More than a year ago, Staples offered to buy Office Depot in a transaction then valued at about $5.5 billion, pressured by declining sales in the office supplies sector and the rise of rivals, most notably Amazon.com (amzn) and W.B. Mason.
But the Federal Trade Commission sued to block the deal, arguing it would severely curtail competition in the “consumables” space (paper, pencils, etc.). The FTC is trying to win a preliminary order from a federal judge to prevent the merger so that the agency can proceed with an administrative trial in May. A hearing is set for Monday in U.S. District Court.
“The FTC’s actions to stop this transaction are based on a flawed analysis of the marketplace and a deep misunderstanding of the competitive landscape,” the CEOs of Staples and Office Depot, Ron Sargent and Roland Smith, say in the joint letter.
They later conclude: “The FTC is simply wrong. The combination of Staples and Office Depot is good for customers.”
The two retailers accuse the FTC of ignoring the rise of Amazon in the big business service part of the office supplies industry, where Staples is still enjoying growing sales and focuses on Fortune 100 firms. (Retail sales in North America have been shrinking for years, and Staples has closed hundreds of stores.)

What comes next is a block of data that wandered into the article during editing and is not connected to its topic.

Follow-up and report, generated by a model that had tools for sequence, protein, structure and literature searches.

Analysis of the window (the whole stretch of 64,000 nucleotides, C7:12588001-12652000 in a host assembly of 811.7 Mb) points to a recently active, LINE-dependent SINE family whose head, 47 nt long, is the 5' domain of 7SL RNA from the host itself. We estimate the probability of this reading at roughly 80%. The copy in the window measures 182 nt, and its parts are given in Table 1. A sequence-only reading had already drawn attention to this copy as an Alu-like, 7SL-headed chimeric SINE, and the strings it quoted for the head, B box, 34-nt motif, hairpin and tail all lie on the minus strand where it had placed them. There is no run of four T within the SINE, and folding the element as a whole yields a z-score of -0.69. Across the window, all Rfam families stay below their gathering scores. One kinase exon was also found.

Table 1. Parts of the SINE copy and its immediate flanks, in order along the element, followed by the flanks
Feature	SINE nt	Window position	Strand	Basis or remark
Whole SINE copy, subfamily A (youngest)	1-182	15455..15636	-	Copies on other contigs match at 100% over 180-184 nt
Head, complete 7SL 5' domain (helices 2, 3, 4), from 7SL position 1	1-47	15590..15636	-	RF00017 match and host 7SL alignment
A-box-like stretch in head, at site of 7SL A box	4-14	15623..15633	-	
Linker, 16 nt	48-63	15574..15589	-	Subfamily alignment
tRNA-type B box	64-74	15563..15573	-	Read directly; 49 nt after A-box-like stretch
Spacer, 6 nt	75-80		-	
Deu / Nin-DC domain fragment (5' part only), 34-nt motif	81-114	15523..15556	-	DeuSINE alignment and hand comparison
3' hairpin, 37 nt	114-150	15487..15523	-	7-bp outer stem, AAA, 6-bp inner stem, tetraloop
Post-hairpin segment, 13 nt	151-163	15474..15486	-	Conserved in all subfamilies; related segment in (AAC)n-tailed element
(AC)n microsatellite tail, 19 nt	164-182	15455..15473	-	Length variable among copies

“The government is concerned with protecting the 100 largest companies in the United States,” Staples and Office Depot wrote, seemingly mocking the FTC’s priorities. The companies restated their intention to lower prices thanks to lower costs consolidation would bring them.
Staples and Office Depot said the FTC is focusing too narrowly on office supplies while ignoring items like cleaning supplies and office furniture.
The FTC declined to comment for this story but has previously argued that the combined company would create an overly dominant player, cornering some 70% of the corporate services market.
Staples has agreed to sell off its about $550 million of its wholesale business to Essendant ― conditional on its Office Depot merger going through ― in a move to sway the FTC. But so far the promised divestiture hasn’t had the desired impact.
“This has been a long and frustrating road, but we look forward to a fair and impartial hearing,” the companies said.